And another thing – according to my nephew, William Teeling III, Esq. (yes, Esquire) and I quote, “People that call it ‘gravy’ tend to make it better than those that call it ‘sauce'”.

Amen to that, brother.

Gravy is cooked in a large pot- no lid, slowly.  It takes me 4 hours to spin off a pot of gravy.  The water must be cooked out of it and the tomatoes cooked to perfection.  And therein lies the reasoning behind the long cooking time.  The tomatoes need to be cooked for a long time.

Use the big pot

The incorporation of meat in some way pushes gravy production over the top.  My Sys tells me that pork in some form does it for her.  This I remember from Grandma’s.  I prefer Italian sausage, browned in the same pot as the gravy is being made.

And brown them bitches good.  Slightly burned on the outside is optimum. Then begin your gravy production in the same pot – unwashed!  Add the meat to the gravy for the duration of the cooking process.

And that should settle the ‘is it gravy or is it sauce’ debate.  Gravy, by definition, is made with meat stock and my gravy is made with meat stock, even if it is the burnt remains and oils after a high fire frying.

You cannot have a good pasta dish if you don’t have good gravy.  Great pasta dishes have extraordinary gravy (like mine).

It’s pasta we’re talking about eating here. Not fish, pork, chicken or beans, although all of those could use a good gravy also.

Pasta.  When the gravy is good that is all you need, with maybe the addition of a small salad.  If the gravy is great you won’t be able to stop at 2 helpings.  To conclude this thought I will speak of my Grampa Sam, who could eat pasta every day of the week.  No man can eat pasta every day of the week if it the gravy is not good.

The only gravy recipe I know:

2 small cans tomato paste
2 cans tomato puree
fresh garlic
olive oil
salt, pepper, basil
enough water to fill the two puree cans.

Cook until done.

What? You thought I was going to include detailed instructions on how to make my gravy?

And remember what the ol` man taught me: When we cook, we drink.  Salute!

Hungry yet?


Carcass Soup

I can squeeze quite a few dollars in savings out of a standard roast chicken.

First, there is the meal that I made initially.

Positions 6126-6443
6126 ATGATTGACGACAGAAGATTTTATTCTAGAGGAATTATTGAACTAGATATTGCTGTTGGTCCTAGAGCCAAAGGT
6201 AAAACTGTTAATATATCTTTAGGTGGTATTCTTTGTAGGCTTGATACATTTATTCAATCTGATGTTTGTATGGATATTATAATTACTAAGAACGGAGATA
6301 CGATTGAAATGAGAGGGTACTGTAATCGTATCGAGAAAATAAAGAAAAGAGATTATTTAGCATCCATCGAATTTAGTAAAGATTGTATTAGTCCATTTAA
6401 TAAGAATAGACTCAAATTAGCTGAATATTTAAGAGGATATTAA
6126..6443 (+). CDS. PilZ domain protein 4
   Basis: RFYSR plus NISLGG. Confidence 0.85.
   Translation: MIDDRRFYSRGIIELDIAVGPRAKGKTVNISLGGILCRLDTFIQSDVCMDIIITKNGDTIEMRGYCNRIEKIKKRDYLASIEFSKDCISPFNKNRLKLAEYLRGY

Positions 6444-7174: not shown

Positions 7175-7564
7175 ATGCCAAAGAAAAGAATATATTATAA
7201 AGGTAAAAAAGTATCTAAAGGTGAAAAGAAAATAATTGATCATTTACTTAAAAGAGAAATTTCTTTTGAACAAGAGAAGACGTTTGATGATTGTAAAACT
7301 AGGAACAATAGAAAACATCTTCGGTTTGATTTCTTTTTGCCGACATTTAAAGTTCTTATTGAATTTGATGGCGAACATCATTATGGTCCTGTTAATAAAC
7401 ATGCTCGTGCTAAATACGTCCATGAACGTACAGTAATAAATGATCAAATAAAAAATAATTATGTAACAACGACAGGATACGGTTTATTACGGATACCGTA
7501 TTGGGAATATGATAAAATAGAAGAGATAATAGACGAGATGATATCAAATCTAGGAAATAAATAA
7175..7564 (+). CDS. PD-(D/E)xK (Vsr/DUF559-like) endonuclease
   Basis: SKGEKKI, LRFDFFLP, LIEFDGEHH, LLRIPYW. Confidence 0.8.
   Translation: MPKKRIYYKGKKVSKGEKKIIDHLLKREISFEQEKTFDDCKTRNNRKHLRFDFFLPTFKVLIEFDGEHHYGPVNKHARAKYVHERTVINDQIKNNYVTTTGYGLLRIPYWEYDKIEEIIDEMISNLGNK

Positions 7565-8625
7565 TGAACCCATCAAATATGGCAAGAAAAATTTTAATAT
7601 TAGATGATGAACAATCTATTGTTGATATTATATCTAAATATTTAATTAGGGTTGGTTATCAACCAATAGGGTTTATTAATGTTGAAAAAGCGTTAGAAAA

The first meal

Then I can usually glean off enough good chicken meat to make a few chicken salad sandwiches.

Chicken salad sandwiches!

After that, there isn’t much left but skeletal remains, but there is still a lot of meat to be had. The pro’lem is how to get at it in an efficient manner without driving yourself to the precipice of insanity.

Ready for the pot

I usually save up a few carcasses – at least 3 – before rendering them into carcass soup.  It seems that one or two remains of bird’s past just don’t lend enough flavor to the soup.  Sure, you could throw in some bullion cubes, but I don’t ever seem to have any of those around.

You’re going to need your big pot.  Don’t think that you can get away with anything less, you’ll be sorry sooner than later.  I know it’s a pain to clean, but you’ll appreciate the high side walls when things get rolling.

I boil down my chicken carcasses until the meat and bones are easily separated.  You’ll know when that time has arrived by probing your cauldron with a stout wooden spoon.  When you can mash things down easily, it is time.

Then, I separate the meat and the bones.  Initially I pull out anything making its presence known right from the pot, but then I do a more thorough selection on the cutting board.  Reason is, there is an awful lot of undesirable looking things that boil down out of a chicken carcass.  It isn’t that difficult of a process, really.  And there is no need to be overly picky about it when you have three carcasses to work with.  If it doesn’t look right, or if you wouldn’t want to spoon it into your pie hole, get rid of it.

All of that meat gets put off to the side, to be added later.

About now is when I start drinking.  Because, as the ol’ man taught me, ‘when we cook, we drink.’  Slainte`.

Even a practiced hand will miss a small bone or two.  This is home-made soup, not that canned crapola you slop into a pot and splash water on top of.  By its very nature there is going to be some things that will need to be picked out and discarded, and those things will only come to light when you have them in your mouth.  Don’t bitch about it, just enjoy.  And a good home-made carcass soup is to be enjoyed, savored, eaten slower than the can of chicken and stars you slurped up at lunch.